V Code And V Data Illustrating A New Framework For Supporting The Video Annotation Workow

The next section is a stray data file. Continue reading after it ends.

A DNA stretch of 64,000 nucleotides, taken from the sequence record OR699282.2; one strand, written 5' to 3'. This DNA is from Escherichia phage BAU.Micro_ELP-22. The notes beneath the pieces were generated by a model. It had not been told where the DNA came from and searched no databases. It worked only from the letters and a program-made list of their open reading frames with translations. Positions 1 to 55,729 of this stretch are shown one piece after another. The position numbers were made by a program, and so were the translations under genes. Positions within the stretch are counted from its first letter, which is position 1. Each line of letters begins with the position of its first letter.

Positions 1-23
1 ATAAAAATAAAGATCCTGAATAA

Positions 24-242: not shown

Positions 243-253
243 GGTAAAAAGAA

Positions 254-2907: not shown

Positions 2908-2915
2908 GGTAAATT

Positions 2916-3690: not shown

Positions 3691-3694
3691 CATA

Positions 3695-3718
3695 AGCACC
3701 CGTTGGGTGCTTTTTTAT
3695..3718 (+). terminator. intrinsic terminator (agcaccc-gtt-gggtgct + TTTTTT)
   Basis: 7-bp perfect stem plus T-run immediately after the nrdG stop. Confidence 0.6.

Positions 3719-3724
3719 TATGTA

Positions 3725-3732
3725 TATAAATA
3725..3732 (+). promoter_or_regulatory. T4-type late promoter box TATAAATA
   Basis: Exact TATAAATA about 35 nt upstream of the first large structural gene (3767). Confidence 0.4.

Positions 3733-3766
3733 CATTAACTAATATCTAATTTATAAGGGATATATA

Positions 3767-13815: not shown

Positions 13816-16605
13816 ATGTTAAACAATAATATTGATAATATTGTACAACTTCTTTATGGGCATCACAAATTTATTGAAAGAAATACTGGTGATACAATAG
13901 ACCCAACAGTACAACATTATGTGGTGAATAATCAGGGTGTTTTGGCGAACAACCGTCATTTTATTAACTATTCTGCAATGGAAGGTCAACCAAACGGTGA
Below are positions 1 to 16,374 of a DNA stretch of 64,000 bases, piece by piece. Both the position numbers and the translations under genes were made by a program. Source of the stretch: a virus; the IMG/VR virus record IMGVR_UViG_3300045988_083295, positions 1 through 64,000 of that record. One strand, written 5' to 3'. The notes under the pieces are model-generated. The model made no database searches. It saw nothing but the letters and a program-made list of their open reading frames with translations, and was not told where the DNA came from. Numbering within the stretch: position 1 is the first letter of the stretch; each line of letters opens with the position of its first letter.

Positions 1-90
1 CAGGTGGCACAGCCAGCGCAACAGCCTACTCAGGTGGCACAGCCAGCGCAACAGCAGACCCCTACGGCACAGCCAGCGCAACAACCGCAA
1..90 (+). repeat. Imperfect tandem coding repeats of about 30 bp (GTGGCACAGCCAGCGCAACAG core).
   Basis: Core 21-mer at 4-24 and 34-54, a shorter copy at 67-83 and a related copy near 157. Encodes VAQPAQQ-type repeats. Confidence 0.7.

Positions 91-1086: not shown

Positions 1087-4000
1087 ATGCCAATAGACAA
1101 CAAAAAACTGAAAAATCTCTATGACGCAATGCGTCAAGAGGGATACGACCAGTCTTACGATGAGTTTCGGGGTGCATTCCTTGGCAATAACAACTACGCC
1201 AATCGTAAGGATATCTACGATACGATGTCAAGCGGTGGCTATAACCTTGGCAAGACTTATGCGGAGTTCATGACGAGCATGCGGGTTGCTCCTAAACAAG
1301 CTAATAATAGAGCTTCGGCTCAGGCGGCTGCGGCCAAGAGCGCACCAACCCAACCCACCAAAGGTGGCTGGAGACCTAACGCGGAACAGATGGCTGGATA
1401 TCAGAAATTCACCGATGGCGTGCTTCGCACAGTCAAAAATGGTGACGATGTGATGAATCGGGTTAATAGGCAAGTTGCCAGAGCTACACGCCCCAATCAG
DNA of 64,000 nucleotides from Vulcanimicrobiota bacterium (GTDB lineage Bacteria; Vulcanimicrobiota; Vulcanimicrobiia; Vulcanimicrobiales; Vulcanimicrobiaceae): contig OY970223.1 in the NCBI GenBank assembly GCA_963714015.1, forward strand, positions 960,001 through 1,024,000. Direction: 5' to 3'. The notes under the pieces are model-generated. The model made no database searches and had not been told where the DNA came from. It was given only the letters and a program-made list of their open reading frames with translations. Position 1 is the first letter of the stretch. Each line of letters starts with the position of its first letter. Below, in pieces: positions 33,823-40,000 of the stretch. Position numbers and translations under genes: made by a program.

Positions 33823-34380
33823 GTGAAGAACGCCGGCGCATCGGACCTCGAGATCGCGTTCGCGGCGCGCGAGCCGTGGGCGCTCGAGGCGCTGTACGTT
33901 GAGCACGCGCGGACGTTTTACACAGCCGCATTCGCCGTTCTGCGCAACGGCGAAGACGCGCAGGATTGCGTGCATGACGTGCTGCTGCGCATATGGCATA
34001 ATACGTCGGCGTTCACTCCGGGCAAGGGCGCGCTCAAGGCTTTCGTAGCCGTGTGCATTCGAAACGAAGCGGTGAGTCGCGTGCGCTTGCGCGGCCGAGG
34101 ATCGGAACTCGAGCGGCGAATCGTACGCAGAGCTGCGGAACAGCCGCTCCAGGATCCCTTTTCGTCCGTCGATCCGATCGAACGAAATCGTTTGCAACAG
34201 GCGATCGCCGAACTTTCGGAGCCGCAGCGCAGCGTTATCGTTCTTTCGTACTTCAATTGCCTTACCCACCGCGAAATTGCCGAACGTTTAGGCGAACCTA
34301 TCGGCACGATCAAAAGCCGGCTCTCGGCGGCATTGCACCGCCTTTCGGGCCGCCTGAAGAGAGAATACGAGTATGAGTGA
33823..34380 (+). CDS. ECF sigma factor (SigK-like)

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  • 1. VCode and VData: Illustrating a new Framework for Supporting the Video Annotation Workflow Joey Hagedorn, Joshua Hailpern, Karrie G. Karahalios Department of Computer Science University of Illinois at Urbana Champaign Urbana, IL 61801 USA {hagedorn, jhailpe2, kkarahal}@uiuc.edu ABSTRACT Digital tools for annotation of video have the promise to provide immense value to researchers in disciplines rang- ing from psychology to ethnography to computer science. With traditional methods for annotation being cumbersome, time-consuming, and frustrating, technological solutions are situated to aid in video annotation by increasing reliabil- ity, repeatability, and workflow optimizations. Three no- table limitations of existing video annotation tools are lack of support for the annotation workflow, poor representation of data on a timeline, and poor interaction techniques with video, data, and annotations. This paper details a set of design requirements intended to enhance video annotation. Our framework is grounded in existing literature, interviews with experienced coders, and ongoing discussions with re- searchers in multiple disciplines. Our model is demonstrated Figure 1: The VCode application graphically repre- in a new system called VCode and VData. The benefit of sents the behaviors being coded as marks on a time- our system is that is directly addresses the workflow and line. It is easy to see correlation between the marks needs of both researchers and video coders. on the timeline and sensor data displayed below. Categories and Subject Descriptors human centered domains can now rely on video annotation to provide them with measures on which to draw conclu- H.5.1 [Multimedia Information Systems]: sions. Unlike transcription, which is akin to what a court Evaluation/methodology Video stenographer does, annotation is the marking of movements, ; H.5.2 [User Interfaces]: Graphical user interfaces sounds, and other such events (with or without additional metadata such as rankings). The emergence of technology as General Terms a tool to aid in video annotation has raised the possibility of Design, Human Factors, Measurement increasing reliability, repeatability, and workflow optimiza- tions [6]. Three notable limitations of existing video anno- tation tools are lack of support for the annotation workflow, Keywords poor representation of data on a timeline, and poor inter- Graphical user interfaces (GUI), Annotation, Video action techniques with video, data, and annotations. This paper details a set of requirements to guide the design of 1. INTRODUCTION video annotation tools. Our model is the direct result of an analysis of existing tools, current practices by researchers, Human behavior does not naturally lend itself to being and workflow difficulties experienced by real-world video quantifiable. Yet time and again, researchers in disciplines coders. By understanding what data researchers are looking ranging from psychology to ethnography to computer sci- to gather, and the shortcomings of existing techniques and ence, are forced to analyze as if it was quantified. Those in technology utilized by coders, we believe that we have cre- ated a framework for video annotation that can reach across disciplines. Our model is demonstrated through the design and construction of our new system VCode and VData (Fig- Permission to make digital or hard copies of all or part of this work for ure 1); two fully functional, open-source tools which bridge personal or classroom use is granted without fee provided that copies are the video annotation workflow. not made or distributed for profit or commercial advantage and that copies bear this notice and the full citation on the first page. To copy otherwise, to The primary contribution of this paper is the set of design republish, to post on servers or to redistribute to lists, requires prior specific requirements for facilitating a system conducive to video an- permission and/or a fee. notation. Specifically, we demonstrate how a system could AVI ’08 May 28-30, 2008, Naples, Italy be designed and built to meet these requirements through a Copyright 200X ACM X-XXXXX-XX-X/XX/XX ...$5.00.